- God destroyed all the inhabitants of Sodom and Gomorrah with the exception of Lot and his two daughters. But it wasn’t just a temporal fire that killed them. They are now “suffering the vengeance of eternal fire” (Jude 7).
- The destruction of Sodom and Gomorrah is referred to twice in Deuteronomy, four times in Isaiah, three times in Jeremiah, once in Lamentations, six times in Ezekiel, then once by Amos and Zephaniah.
- It is mentioned six times by our Lord in the Gospels, once by Paul in the book of Romans, then once by Peter, once by Jude, and once in the book of Revelation.
- Why so many times? Jude 7 says, “for an example.” This filthy sin is referred to in Romans 1:26 as “vile affections.” In Leviticus 18:22 and 20:13, God calls it an “abomination.”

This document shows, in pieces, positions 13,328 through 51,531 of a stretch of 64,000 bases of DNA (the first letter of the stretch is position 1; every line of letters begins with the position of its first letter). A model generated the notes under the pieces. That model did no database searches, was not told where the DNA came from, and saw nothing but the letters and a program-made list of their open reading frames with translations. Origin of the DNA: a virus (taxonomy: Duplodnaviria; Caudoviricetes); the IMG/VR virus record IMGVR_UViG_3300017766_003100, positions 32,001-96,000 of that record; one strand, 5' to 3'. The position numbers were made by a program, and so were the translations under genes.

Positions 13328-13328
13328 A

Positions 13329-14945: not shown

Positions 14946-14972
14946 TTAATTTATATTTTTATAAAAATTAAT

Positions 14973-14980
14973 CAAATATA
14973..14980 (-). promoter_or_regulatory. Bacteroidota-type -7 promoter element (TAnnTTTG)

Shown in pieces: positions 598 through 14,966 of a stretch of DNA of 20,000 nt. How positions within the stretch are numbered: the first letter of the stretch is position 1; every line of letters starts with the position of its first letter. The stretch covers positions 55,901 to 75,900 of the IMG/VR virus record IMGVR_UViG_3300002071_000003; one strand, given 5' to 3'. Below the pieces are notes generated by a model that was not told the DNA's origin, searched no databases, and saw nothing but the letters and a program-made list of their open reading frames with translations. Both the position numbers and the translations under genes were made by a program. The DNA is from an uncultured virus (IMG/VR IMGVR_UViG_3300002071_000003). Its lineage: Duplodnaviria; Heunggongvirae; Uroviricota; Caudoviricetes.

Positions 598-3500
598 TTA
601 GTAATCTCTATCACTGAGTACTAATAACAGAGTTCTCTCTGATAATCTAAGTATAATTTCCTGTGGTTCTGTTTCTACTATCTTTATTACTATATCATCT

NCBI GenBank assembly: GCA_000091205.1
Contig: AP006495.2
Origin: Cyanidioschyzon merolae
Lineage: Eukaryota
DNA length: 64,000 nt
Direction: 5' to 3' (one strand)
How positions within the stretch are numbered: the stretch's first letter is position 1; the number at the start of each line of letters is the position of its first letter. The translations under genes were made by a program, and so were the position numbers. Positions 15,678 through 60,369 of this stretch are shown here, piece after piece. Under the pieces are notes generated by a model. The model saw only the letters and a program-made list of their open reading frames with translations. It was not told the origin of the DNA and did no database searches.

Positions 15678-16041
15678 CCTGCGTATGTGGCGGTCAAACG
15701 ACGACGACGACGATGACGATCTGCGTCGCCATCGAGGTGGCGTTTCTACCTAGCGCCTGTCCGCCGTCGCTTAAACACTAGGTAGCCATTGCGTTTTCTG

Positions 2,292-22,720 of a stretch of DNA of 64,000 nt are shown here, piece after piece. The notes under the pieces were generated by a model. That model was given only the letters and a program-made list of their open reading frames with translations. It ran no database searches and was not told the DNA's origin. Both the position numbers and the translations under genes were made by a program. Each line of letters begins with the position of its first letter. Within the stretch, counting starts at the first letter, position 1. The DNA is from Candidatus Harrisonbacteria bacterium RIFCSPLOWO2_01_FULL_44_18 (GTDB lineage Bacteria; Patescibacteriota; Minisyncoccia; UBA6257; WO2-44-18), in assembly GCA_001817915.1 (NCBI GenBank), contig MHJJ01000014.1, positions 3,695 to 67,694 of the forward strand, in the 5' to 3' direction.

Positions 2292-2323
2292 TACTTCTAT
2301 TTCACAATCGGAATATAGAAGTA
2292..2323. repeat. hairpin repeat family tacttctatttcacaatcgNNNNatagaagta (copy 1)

- Today, religious apostates are promoting so-called homosexual marriage and civil unions, homosexual ministers, etc. God will judge them for it.
- In the San Francisco area, the regional body of the Presbyterian Church (USA) voted 167-151 Tuesday night in support of a lesbian deacon’s application, despite the denomination’s ban on openly gay ministers. Lesbian Lisa Larges said after the vote that she was proud of the church members’ decision, despite the heavy opposition.
- “The church is a beautiful, messy thing,” she said. Well, she is right about the Presbyterian Church (USA) being a mess, but it is not beautiful. It is ugly and it is evil.
- When you look at all three incidents, they all ended in death and destruction (Jude 5—7).
- The fierce judgment and wrath of God awaits all apostates.